We know that to solve the homogeneity and isotropy problem, we invite the inflation and the inflation at early universe can make the presently observable universe much smaller than the particle horizon hence to avoid the homogeneity and isotropy problem.
But the particle horizon at any time by definition is the largest region where particles can possibly contact with us. Then how can it be possible that the region we now observed is much smaller the particle horizon?
Here is my answer, but if you have a different viewpoint, please argue against me.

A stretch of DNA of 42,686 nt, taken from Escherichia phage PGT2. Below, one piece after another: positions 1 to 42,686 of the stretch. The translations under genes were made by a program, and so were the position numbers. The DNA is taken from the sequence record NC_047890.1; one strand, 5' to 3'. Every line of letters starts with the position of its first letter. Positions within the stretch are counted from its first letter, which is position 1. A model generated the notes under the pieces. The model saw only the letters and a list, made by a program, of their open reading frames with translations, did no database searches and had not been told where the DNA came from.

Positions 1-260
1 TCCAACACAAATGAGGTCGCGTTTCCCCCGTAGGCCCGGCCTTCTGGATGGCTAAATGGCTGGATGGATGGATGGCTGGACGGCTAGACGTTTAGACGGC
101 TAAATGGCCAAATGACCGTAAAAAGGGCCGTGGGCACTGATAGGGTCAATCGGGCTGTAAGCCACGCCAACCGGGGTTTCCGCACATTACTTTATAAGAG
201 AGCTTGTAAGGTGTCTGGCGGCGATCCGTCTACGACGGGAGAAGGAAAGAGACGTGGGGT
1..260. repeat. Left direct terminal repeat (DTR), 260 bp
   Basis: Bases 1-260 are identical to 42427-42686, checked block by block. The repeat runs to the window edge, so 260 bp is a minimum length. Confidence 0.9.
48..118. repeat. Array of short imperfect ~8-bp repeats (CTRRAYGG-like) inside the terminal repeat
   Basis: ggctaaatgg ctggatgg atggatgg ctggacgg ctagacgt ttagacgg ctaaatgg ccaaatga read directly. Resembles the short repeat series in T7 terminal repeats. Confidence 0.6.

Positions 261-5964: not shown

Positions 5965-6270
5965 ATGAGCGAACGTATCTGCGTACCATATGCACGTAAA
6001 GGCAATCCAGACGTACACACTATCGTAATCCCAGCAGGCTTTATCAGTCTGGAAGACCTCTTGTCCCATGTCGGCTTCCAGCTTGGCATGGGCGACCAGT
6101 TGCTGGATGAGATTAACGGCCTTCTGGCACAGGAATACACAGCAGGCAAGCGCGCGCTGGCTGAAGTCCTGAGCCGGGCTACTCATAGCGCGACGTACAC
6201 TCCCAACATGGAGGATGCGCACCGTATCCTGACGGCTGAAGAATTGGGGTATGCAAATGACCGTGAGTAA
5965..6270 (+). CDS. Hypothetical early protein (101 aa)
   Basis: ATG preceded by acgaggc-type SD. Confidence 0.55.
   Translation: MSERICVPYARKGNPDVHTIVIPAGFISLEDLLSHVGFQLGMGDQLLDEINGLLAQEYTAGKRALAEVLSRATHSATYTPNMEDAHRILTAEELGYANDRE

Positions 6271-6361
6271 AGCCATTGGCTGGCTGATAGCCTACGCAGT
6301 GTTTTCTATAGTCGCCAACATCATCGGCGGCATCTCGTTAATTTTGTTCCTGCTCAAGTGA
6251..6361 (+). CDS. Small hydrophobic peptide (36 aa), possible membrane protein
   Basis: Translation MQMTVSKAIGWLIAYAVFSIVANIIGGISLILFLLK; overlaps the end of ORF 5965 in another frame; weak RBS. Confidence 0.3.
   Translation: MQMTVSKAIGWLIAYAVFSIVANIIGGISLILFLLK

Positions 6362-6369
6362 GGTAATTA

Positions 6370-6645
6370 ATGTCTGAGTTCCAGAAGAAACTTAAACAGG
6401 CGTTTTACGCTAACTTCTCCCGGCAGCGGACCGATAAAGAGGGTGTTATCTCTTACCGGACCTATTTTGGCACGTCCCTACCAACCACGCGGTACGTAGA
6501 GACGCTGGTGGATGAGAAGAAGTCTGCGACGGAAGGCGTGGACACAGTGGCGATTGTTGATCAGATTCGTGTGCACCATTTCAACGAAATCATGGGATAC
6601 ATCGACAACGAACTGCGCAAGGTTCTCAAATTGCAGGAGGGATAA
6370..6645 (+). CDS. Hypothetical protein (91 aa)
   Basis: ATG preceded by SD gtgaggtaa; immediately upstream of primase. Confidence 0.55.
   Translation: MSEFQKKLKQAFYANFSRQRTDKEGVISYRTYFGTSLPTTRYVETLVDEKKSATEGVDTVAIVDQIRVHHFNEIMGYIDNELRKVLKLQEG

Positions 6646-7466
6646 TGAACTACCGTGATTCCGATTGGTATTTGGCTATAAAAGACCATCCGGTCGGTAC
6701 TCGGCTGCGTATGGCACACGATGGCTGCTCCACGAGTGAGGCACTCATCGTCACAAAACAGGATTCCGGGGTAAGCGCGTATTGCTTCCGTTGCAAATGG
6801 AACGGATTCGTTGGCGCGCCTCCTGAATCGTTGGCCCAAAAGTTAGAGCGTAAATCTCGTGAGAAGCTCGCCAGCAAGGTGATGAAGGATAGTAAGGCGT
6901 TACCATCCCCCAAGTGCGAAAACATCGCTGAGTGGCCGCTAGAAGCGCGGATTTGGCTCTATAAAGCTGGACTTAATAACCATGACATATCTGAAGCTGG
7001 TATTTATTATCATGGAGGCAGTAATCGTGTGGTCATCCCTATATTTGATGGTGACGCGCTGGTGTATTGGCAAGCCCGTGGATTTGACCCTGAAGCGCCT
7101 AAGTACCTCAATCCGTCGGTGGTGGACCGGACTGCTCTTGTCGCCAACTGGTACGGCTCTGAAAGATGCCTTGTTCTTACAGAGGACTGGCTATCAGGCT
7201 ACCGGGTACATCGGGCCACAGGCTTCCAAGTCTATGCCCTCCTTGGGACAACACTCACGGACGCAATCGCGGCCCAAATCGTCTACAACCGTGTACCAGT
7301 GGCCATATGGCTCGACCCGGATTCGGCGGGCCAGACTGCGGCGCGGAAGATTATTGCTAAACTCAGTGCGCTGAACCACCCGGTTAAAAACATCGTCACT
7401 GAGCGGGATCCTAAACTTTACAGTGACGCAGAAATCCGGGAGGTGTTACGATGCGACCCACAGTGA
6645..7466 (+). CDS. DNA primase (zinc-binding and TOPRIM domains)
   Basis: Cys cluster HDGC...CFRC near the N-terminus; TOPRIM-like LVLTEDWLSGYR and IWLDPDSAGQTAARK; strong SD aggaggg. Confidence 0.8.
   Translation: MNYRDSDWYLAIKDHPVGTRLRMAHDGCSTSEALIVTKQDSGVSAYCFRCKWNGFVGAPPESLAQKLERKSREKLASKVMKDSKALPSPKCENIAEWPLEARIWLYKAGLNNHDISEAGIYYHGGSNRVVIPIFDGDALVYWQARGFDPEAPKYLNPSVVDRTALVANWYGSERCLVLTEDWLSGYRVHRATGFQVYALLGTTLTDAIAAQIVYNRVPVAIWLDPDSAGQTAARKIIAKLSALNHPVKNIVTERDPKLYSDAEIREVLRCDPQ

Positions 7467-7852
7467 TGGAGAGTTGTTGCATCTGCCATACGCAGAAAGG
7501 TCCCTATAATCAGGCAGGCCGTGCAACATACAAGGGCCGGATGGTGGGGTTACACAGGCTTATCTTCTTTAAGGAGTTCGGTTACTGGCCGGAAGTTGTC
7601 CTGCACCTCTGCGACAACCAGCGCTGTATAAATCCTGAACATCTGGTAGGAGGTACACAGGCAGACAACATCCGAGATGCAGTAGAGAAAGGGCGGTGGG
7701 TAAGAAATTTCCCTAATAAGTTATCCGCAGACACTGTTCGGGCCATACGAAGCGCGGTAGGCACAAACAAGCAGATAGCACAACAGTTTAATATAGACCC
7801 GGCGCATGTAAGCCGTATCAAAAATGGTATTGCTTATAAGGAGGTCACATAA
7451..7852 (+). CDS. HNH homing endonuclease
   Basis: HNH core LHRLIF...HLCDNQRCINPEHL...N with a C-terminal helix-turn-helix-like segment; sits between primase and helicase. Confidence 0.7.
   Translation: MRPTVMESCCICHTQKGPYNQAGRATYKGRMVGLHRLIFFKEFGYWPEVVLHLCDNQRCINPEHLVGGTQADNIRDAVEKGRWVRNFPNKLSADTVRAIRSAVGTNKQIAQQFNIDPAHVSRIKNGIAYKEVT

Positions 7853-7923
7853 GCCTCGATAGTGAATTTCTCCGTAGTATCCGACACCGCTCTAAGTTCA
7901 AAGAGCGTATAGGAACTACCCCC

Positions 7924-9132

(Now I think when we say that what we observed is much smaller than the particle horizon usually only means the observed particles that emitted at a particular time, e.g. at the CMB formation, are inside the particle horizon with respect to any of the observed particles at the emitted time. We shall note that the particle horizon depend on the observer. In the context of inflation, usually, the particle horizon corresponds to the one with respect to the photons at recombination. And we need that the photons we observed today are within the particle horizons of themselves at the time of recombination. Without inflation, this is not the case. Because the inflation will add up the weight of the conformal time at earlier history, hence make the photons at the CMB formation time inside the particle horizon with respect to the photons of that particular time. Equivalently, the inflation push forward the recombination to be more recent)